NCAA President Mark Emmert warned that a recent ruling that Northwestern University football players can legally unionize could have profound repercussions throughout the world of college athletics, including a loss of revenue necessary to fund sports other than men's football and basketball.
Emmert, who appeared on CBS' "Face the Nation," spoke after the National Labor Relations Board said that football players at Northwestern, a Big Ten school, qualify as employees under federal law.
"But I don't think that unionizing the student athletes and turning them into unionized employees of universities is a way to improve their success," Emmert said.
Not only would the scholarship money for tuition, room and board and supplies that many receive likely qualify as taxable income, but it would raise questions about the relationship between a student and the school, he said.
"If they drop a ball, do they get fired? How do you recruit them? Do you hire them? Do you trade them? I mean, what does that relationship look like is anyone's guess now," Emmert said.
NCAA rules prohibit athletes from being paid to play, but lawyers for the athletes argued that the ability of college football to generate billions of dollars in profits relies on football players' labor, making the relationship between school and athlete like one between an employer and employee. Though Emmert conceded that the sports generate huge revenue, he argued that the athletes gain the value of an education, which leads them to enjoy higher earnings later than life. Many will graduate without any student loan debt as well.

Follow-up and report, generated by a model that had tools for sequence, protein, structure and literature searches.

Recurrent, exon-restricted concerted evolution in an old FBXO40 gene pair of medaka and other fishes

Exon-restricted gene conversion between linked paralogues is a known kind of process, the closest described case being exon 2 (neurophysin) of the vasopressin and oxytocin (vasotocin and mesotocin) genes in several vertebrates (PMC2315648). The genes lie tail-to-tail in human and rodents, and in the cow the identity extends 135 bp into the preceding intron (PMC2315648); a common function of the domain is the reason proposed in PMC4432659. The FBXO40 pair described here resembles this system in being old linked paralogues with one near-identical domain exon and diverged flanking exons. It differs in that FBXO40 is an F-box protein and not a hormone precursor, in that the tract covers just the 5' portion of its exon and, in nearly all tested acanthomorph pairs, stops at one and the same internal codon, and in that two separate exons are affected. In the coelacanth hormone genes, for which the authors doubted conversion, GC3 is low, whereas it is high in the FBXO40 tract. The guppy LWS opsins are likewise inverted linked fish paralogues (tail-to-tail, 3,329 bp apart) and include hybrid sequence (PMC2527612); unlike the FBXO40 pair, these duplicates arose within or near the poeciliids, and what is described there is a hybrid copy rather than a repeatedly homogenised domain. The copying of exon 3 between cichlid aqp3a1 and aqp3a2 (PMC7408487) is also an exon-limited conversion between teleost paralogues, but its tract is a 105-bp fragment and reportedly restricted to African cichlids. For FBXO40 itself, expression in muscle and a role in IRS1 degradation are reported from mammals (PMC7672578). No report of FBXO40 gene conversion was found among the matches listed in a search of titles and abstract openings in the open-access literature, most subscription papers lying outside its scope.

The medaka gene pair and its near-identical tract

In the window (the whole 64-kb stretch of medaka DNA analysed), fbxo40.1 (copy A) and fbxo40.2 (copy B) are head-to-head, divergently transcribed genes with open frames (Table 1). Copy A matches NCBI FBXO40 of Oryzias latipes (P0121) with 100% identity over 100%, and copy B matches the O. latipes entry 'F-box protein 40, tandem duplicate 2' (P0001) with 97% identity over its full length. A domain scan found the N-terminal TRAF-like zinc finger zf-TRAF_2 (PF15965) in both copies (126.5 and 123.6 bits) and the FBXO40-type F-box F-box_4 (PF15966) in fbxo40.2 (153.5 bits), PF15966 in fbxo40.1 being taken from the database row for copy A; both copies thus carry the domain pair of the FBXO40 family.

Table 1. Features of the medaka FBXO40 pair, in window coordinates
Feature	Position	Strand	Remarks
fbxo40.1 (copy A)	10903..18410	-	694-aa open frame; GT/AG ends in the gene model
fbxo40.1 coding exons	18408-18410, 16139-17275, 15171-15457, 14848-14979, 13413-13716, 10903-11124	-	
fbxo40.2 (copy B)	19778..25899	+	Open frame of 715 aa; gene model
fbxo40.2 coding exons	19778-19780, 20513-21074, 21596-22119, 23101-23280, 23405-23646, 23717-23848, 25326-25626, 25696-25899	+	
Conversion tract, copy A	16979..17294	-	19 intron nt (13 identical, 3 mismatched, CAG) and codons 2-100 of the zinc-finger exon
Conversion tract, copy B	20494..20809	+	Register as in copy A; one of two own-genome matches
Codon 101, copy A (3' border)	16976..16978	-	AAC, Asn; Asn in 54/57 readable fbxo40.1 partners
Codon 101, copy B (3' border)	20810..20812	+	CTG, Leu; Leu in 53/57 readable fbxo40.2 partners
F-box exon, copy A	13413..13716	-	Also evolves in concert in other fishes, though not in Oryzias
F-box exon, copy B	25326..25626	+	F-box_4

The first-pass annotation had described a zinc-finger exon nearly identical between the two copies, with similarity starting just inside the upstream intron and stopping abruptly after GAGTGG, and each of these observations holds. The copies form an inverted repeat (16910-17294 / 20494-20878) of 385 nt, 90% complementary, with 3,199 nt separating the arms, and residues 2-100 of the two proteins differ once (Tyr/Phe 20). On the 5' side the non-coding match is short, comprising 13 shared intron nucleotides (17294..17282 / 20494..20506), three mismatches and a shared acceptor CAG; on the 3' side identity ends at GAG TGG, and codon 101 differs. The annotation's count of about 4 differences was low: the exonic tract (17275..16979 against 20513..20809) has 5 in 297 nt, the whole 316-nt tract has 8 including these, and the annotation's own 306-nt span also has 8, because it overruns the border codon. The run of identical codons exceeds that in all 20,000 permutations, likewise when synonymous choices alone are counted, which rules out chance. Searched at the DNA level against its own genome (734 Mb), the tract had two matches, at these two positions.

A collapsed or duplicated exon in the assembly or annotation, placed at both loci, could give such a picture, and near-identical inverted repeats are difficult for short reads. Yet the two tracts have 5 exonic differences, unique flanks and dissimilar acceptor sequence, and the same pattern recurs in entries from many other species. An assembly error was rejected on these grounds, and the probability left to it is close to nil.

Emmert also said that the money, which primarily comes from football and basketball, pays for "all of the other expenses in intercollegiate athletics."
"Track and field, soccer, women's volleyball, women's basketball -- all of those sports are paid for by the revenue that comes in from two sports that drive all of that activity. So the notion that somehow universities are taking that money and putting it in the bank is utterly erroneous. They're using it to pay for nearly a half a million student athletes," Emmert said.
He said that the unionization could extend to all college athletes, and predicted the case would end up at the Supreme Court.
Emmert argued in favor of other reforms to college athletics, such as addressing the extensive time demands placed on successful student athletes.
"We have kids playing sports 12 months out of the year. And I think we as a society need to rebalance that a lot," he said.
He also said that schools could increase the size of the scholarships they offer, in order to add several thousand dollars more in "resources" for students."The game changer for life is getting that degree and that education," he said. "We need to make sure that we're doing everything humanly possibly around health and wellness and the support of student athletes around their well-being."